Somewhere on the streets of Edmonton and the capital region, a crack addict is desperately searching for the next fix.
But that fix doesn't come without a pocket of cash, and when there's no money left in the bank, swiping the nearest bicycle or smashing the window of a parked car for some change suddenly seems like a good idea.
Staff Sgt. Darren Derko of the Edmonton Drug and Gang Enforcement unit (EDGE) said crack cocaine has become the most prominent street level drug in the capital region — along with marijuana — but a crackhead will do almost anything to get their next hit.
The impact a crackhead has on a community can cost thousands of dollars.
"It's an addiction and it's very expensive," said Derko, who recently became a victim of crime when his car window was smashed for $20 worth of change sitting in the ashtray.
"Eventually they go broke and they have to start generating money somewhere. They commit crime, steal property, shoplift, all those kinds of things. It's kind of sad."
According to Derko, a brick of cocaine is worth about $40,000 when it arrives from Vancouver, but when that brick is broken down and sold into smaller pieces, its value is more than $118,000 and can spawn more than a million dollars worth of crime.
A brick of cocaine is usually cooked and made into crack cocaine, which is split into what's referred to as "spit balls." A single brick can create more than 2,900 spit balls, which Derko said are worth about $40 each on the street.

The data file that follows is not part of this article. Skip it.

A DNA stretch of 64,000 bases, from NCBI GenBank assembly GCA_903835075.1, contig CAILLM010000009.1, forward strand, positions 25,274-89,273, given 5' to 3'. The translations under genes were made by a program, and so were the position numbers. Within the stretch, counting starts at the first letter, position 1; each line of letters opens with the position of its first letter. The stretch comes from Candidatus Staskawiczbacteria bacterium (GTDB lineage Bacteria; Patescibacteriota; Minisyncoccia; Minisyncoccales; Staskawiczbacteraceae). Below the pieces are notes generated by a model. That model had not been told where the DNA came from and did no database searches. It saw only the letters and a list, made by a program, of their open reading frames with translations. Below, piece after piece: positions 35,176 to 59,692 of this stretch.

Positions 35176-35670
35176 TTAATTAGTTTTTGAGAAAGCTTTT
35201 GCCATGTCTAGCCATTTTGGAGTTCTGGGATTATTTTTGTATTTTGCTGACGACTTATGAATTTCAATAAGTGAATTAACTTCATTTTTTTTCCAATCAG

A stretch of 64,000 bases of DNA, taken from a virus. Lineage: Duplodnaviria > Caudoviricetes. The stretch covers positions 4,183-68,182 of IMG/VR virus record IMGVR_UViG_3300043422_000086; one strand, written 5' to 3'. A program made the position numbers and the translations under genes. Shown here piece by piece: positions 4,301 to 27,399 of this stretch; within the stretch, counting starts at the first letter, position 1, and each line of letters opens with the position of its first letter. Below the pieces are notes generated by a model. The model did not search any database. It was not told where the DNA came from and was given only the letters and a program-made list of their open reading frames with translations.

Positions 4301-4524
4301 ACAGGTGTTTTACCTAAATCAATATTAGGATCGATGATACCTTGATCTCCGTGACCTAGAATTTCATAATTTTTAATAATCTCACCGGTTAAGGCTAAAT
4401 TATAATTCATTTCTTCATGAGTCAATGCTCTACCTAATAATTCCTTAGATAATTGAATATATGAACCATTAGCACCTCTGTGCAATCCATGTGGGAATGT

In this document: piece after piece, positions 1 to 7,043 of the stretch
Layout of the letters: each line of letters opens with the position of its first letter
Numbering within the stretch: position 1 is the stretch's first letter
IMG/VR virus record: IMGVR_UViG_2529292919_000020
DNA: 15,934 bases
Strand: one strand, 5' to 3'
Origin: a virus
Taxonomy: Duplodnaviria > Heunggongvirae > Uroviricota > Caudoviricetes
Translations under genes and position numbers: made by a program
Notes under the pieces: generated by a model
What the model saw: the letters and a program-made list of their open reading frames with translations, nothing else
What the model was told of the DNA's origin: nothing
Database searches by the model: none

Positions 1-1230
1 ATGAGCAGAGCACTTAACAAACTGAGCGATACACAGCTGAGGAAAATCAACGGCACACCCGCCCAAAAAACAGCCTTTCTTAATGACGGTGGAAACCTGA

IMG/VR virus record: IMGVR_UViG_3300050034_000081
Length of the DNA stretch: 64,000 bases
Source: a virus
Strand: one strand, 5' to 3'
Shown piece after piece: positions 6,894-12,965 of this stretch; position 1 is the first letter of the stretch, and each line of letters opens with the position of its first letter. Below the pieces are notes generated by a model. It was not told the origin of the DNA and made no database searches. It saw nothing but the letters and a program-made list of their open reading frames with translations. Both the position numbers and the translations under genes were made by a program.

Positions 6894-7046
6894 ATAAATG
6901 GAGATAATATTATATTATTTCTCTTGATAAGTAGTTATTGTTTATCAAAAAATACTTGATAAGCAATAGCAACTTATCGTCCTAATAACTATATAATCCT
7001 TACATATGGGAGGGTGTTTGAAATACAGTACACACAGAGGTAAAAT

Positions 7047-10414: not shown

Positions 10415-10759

A true addict will have that consumed within hours, then go on the hunt for more cash to supply them with their next fix.
The hunt usually leads to property crimes, where thieves are desperate to swipe anything to make a few dollars.
The problem, said Derko, is that stolen items are worth only about 10 per cent of their actual value on the street, meaning addicts will commit two or three crimes before they have enough cash to buy the drug.
"A lot of people that get hooked on this will obviously be using their own money, but even that runs out and they are not able to support their habit anymore, so now they're committing crimes," said Derko. "It's a vicious cycle."
As far as police drug investigations are concerned, there is no such thing as a slow season.
Derko said it's hard to put a number on how much cocaine passes through Edmonton in a year, but he estimates it's more than 800 kg.
The latest police stats show there's been a gradual increase in overall drug and money seizures in recent years, which indicate the problem is growing.
The amount of cocaine seized by police last year was more than 27 kg. In 2009, that number was 25 kg and 17 kg in 2007.
In 2010, police seized more than $1.3 million of cash directly related to drug investigations. The year before, that number was just over $700,000 and was approximately $560,000 in 2008.
When it comes to holding those accountable for selling drugs in the city, the EDGE unit alone arrested 330 people last year in relation to drug and gang investigations.
Derko said the problem with crack cocaine isn't confined to one particular area of the city or class of society either.
Investigations have taken police to some of the most prestigious areas in the capital region, and nabbed buyers from all walks of life, including doctors, lawyers and bankers.
In an effort to fight the war on crack cocaine, city police are now undertaking more complex drug investigations and continue to go after organized crime groups with hopes of nabbing the top dog of the drug chain.
But even though police are making progress, Derko says the fight will never end.
"There's lots of work to be done still," said Derko. "I don't think it will ever end. We don't have a down season."
The Edmonton Sun
Feb. 18, 2011
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